As the reflection of a typically volatile live performance of Charles Mingus, Right Now: Live At The Jazz Work Shop is indispensable.
Charles Mingus (bass), Clifford Jordan (tenor saxophone), John Handy (alto saxophone A1), Jane Getz (piano), Danny Richmond (drums)
on June 2 & 3, 1964 at The Jazz Workshop, San Francisco
as Fantasy LP 6017
Meditation (For A Pair Of Wire Cutters)
By 1964, bassist and composer Charles Mingus had been in the business for two decades, contributing to the bebop revolution and recording landmark albums that stretched the boundaries of mainstream jazz, such as Pithecanthropus Erectus, Mingus Ah Um and Black Saint And The Sinner Lady. In the summer of that year, the beguiling line-up of Mingus’ latest group including reed wizard Eric Dolphy had partly disbanded. Pianist Jaki Byard’s last appearance with Mingus had been in April. Trumpeter Johnny Coles fell ill and Dolphy stayed behind in Berlin after their European tour. (where Dolphy died from a diabetes attack on June 28, three weeks after Mingus recorded Right Now) Of that group, tenorist Clifford Jordan remained alongside the longtime Mingus sidekick on the drums, Danny Richmond. Right Now doesn’t give the impression that Mingus temporarily lacked inspiration because of Dolphy’s and Byard’s absence. On the contrary.
New Fables is a reworking of Fables Of Faubles, Mingus’ famous biting protest tune directed against the segregationist governer of Arkansas, Orval E. Faubus. Mingus continued playing the other composition of the album, Meditation On Integration, from the ‘Dolphy’-era, giddily retitled as Meditation (For A Pair Of Wire Cutters). Both tunes cross the 23 minutes line, but keep interesting to the last note. It’s a revealing experience to hear Mingus direct the flow of the music in New Fables through his driving, immaculate bass playing, shifting tempo’s like a madman and pushing the group to segue into and out of themes, wild shuffles, a cappella horn parts and slow blues parts. Tenorist Clifford Jordan is inspired to go well beyond his game and John Handy, who had a history in Mingus groups, puts in a hard-driving mix of bop and blues. Mingus also stokes up the fire with his archetypical, hoarse exhortations that sound like crosses between the fire and brimstone of the altar and the hog call.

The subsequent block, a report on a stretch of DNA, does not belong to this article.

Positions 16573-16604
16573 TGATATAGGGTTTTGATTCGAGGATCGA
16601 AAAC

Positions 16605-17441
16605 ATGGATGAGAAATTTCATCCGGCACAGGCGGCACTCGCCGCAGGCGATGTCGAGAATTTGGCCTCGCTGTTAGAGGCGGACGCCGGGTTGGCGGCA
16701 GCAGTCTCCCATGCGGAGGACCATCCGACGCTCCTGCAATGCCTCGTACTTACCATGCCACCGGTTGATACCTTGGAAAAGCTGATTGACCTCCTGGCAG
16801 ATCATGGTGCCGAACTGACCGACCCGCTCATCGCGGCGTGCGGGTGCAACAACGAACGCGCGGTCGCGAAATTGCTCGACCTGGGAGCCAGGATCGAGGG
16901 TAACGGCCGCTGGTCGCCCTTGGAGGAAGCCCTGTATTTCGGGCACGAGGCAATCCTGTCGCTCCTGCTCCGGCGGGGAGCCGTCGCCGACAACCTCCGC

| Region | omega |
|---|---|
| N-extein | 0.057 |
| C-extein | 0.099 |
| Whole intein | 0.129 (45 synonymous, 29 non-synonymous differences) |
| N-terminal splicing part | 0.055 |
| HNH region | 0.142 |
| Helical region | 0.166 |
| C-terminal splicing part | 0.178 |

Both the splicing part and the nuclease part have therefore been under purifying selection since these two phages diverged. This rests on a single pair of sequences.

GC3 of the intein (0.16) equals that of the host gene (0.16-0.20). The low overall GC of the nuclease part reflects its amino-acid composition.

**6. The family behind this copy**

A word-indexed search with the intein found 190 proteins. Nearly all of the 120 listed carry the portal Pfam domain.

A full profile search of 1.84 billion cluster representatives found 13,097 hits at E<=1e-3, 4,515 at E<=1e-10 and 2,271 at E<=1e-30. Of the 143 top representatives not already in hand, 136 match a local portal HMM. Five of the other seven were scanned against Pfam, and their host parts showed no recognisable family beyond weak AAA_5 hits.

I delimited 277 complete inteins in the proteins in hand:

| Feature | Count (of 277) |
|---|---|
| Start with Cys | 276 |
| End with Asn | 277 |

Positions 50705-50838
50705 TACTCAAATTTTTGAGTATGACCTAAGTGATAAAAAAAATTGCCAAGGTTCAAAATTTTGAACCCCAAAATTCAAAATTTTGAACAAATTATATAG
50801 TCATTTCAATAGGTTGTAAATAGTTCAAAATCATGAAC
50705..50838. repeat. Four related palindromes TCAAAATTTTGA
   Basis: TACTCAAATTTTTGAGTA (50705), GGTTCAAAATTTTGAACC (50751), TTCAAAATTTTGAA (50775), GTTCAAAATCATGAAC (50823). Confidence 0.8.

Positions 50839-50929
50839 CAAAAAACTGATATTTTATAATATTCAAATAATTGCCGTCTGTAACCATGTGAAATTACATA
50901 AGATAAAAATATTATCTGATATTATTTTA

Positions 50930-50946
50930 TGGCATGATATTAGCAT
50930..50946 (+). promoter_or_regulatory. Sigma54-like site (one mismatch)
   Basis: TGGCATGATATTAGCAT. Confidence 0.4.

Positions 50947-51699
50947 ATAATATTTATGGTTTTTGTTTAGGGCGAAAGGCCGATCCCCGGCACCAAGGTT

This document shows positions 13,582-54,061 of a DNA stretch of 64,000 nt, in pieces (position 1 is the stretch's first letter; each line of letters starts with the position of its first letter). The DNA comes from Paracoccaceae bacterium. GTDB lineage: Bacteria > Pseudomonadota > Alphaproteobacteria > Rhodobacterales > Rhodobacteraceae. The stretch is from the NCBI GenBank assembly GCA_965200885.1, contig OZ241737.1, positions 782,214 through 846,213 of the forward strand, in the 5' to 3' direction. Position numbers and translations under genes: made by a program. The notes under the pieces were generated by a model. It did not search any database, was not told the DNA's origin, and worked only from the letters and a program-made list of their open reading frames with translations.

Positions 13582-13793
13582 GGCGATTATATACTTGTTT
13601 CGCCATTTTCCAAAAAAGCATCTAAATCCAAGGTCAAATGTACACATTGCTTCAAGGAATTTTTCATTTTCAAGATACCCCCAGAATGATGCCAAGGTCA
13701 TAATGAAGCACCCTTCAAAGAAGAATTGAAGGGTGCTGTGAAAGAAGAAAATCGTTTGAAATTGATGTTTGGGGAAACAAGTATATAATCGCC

An equally rousing personality as Mingus, drummer Danny Richmond is integral to the group’s spontaneous combustion. He blends proficiency with intuition and has the guts to veer off track, the road always lead home. Take into account that home, in this case, isn’t your everyday, suburban household. Mingus and Richmond have always been on the same page and their shared energy level on Right Now is absolutely crazy! The way they steer their way through Meditation’s first five minutes from the percussive opening driven by Mingus bowed bass, via a barnstorming swing section to a lovely, warm ballad bit, is breathtaking.
And then there’s Jane Getz. No relation to Stan. Not a household name, but a female jazz personality with a peculiar and outstanding career. A child prodigy on piano who’d spent her childhood in Los Angeles, Getz moved to New York when she was 15 and quickly acquainted herself with contemporary leading figures, playing with Pony Pointdexter, Pharoah Sanders, Charles Lloyd, Roland Kirk, Elvin Jones, Stan, yes, Getz, and, eventually, performing with Mingus. Dropping out of the jazz scene when she secured a RCA deal as a session musician and producer in L.A., the seventies and eighties found her working on albums by the likes of John Lennon, Harry Nilsson and The Bee Gees, as well as recording country music as Mother Hen. It was only in the early nineties that she returned to jazz. Getz struck up a fruitful association with saxophonist Dale Fielder (who chronicles the life and career of Getz on his blog here) in 1995, which remains to this day.
Thrown into the barnstorm of a Mingus session at the last minute, with a couple of complex charts in front of her ten fingers and eighty-eight keys, Getz fazes the controlled chaos of Mingus couragiously. Her accompaniment is robust and edgy, she puts in some interesting thematic variations behind the soloists. Her transparant, long lines in Meditation bring to mind the modal moods of mid-sixties McCoy Tyner and Herbie Hancock. I’m a sucker for the disturbing ‘banging’ sound of piano, bass and drums that signal new sections in New Fables around the third minute that alludes to modern classical composers such as Edgar Varese. Or maybe they were just trying to blow off the Jazz Workshop’s rooftop. At any rate, although I know I have it coming, it keeps shaking my nervous system time and again in a rather mysterious, euphoric manner. Being hurled into the shredder by The Baron. A recognizable feeling for many jazz fans, I’m sure.